‘You know the statistics but when you are on your sofa watching TV, sometimes you wonder how they feel. You are not able to have empathy, I have to confess that. But with this Opera I had the opportunity because Mario Azzopardi, he wrote, in my opinion, such a good libretto where you can smell the situation. You are on the boat and you hear little Darit, my little daughter sing, ‘I’m scared, I like the sea when its blue but I don’t like it when its black’, because it’s in the night and its dark, she’s afraid. You know, you have the time to feel, it’s an opportunity to have empathy and I think that’s a good thing for the audience and myself.’

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That’s Spanish counter-tenor, José Hernandez Pastor.

Playing the husband and father, Eleja, carries the weight and shift of the opera’s emotions on his shoulders. From fear and guilt to depression, Eleja tries to find a glimmer of hope to live for his surviving children.

‘there is a moment, we are on the beach still, being attended by the volunteers, the locals are shouting, ‘barra’ ‘barra’ ‘go out’ ‘go out’ and I am asking for my wife and my daughter because I still haven’t found them and I don’t know if they are alive or not. There are people who are separated from their families and they are hearing ‘get out’’

The opera has been generating attention and ever since the production was announced back in July, social media in Malta had ignited with comments both praising and condemning it.

For Joseph Zammit, who plays Hamid, critical comments show that the opera is doing its job to open up the debate in Malta.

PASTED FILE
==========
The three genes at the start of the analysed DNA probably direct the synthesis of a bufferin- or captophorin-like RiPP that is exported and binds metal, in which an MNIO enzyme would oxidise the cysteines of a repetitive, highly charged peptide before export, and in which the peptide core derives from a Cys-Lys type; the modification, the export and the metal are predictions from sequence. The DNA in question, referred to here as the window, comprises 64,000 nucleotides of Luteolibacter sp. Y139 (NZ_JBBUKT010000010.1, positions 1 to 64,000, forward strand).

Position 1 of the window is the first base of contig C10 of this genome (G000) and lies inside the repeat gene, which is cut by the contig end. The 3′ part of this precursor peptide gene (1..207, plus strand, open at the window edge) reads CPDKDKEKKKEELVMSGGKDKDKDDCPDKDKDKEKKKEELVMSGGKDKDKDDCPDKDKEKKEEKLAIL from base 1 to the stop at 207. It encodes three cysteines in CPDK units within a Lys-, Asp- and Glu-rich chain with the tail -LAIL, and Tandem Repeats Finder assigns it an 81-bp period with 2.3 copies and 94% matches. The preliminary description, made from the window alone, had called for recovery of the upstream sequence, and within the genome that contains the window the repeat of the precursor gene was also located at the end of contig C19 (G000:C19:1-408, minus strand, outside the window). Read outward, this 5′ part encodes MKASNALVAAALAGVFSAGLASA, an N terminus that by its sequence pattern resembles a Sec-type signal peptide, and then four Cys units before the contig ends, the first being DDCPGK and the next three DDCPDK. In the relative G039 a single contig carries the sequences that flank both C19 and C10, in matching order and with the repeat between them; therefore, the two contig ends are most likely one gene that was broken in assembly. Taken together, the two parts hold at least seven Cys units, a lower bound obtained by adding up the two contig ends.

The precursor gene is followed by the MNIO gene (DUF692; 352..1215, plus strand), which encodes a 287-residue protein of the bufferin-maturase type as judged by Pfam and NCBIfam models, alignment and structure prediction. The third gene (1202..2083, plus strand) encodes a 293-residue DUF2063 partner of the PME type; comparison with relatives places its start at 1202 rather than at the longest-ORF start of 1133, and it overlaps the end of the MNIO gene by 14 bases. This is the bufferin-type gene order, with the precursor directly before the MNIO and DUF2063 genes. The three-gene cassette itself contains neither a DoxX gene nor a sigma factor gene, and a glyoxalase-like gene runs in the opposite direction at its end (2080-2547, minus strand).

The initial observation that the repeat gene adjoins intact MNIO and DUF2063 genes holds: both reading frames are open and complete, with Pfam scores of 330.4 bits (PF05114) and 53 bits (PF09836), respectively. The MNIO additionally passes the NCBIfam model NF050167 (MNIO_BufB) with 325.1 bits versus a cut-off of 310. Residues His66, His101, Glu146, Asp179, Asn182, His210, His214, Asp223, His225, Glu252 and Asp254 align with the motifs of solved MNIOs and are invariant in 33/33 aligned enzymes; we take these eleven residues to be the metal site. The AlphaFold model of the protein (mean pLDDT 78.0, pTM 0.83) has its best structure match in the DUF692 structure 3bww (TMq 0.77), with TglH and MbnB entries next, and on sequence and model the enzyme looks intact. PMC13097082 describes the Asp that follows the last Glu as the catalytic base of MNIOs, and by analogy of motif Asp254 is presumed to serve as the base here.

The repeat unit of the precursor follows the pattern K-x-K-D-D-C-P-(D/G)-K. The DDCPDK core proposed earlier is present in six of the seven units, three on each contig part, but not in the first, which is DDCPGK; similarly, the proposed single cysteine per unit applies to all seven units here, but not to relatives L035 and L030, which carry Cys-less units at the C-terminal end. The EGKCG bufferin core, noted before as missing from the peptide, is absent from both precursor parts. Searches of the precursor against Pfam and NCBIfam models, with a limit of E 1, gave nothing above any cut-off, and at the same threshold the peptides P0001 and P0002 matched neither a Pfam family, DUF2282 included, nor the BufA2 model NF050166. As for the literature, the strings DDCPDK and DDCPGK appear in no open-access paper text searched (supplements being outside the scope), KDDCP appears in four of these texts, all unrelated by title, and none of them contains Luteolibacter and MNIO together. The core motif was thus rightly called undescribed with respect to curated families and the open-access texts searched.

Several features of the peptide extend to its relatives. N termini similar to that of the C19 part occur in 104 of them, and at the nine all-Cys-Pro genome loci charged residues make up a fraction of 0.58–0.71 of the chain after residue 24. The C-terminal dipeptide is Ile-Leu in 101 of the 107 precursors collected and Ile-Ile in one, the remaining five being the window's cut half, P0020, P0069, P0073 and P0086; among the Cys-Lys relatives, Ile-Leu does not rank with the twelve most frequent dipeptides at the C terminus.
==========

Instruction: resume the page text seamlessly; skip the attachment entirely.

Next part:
‘When I read those comments, I laughed to be honest because they’re words hold no value. They were saying that this Opera is ridiculous and horrible without ever hearing what the story is about to begin with. So, they are comments to be ignored. But, I guess on the bright side, some attention is garnered for the production, not to say that there is no such thing as bad press but it’s helping put up the point for this Opera being made.’

 AĦNA REFUĠJATI is indeed a new type of opera and it wants to make the audience think and talk about a modern issue, using opera to deliver its message.

Its story is timeless. Here’s Nico Darmanin,

‘this story it’s very different, its very relevant to nowadays stories, but it is in essence a story about love, tragedy, death, a fight for freedom which I think is the most in my opinion the most important fundamental human right. So yes the story is very relevant for today and basically we’re giving an entertaining story for the public that is something they can relate to rather than something that happened 300 years ago.’

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The wait is finally over. The house lights illuminate Il Fosos as people enter and take their seats. Backstage, the final checks are being made, the cast micced up and the obelisk movers in position. Nervous excitement rests among those backstage, as the crew call their final commands before curtain up. Standing off stage, I recall Jose’s feelings ahead of tonight…

‘It’s like you’re asking me, how much will they listen? It’s how able are we, how prepared are we to have empathy even if we know that statistically the solution is not just taking them, that is not the whole solution but you can’t leave them on the sea,  you know? of course, this will be like a bell and it’s like everything, maybe on the first bell they wake up, or maybe we wake up or you need 20 bells. This is a good one, this is a good bell to sound in my opinion.’

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 From all of us here at MOAS: goodbye.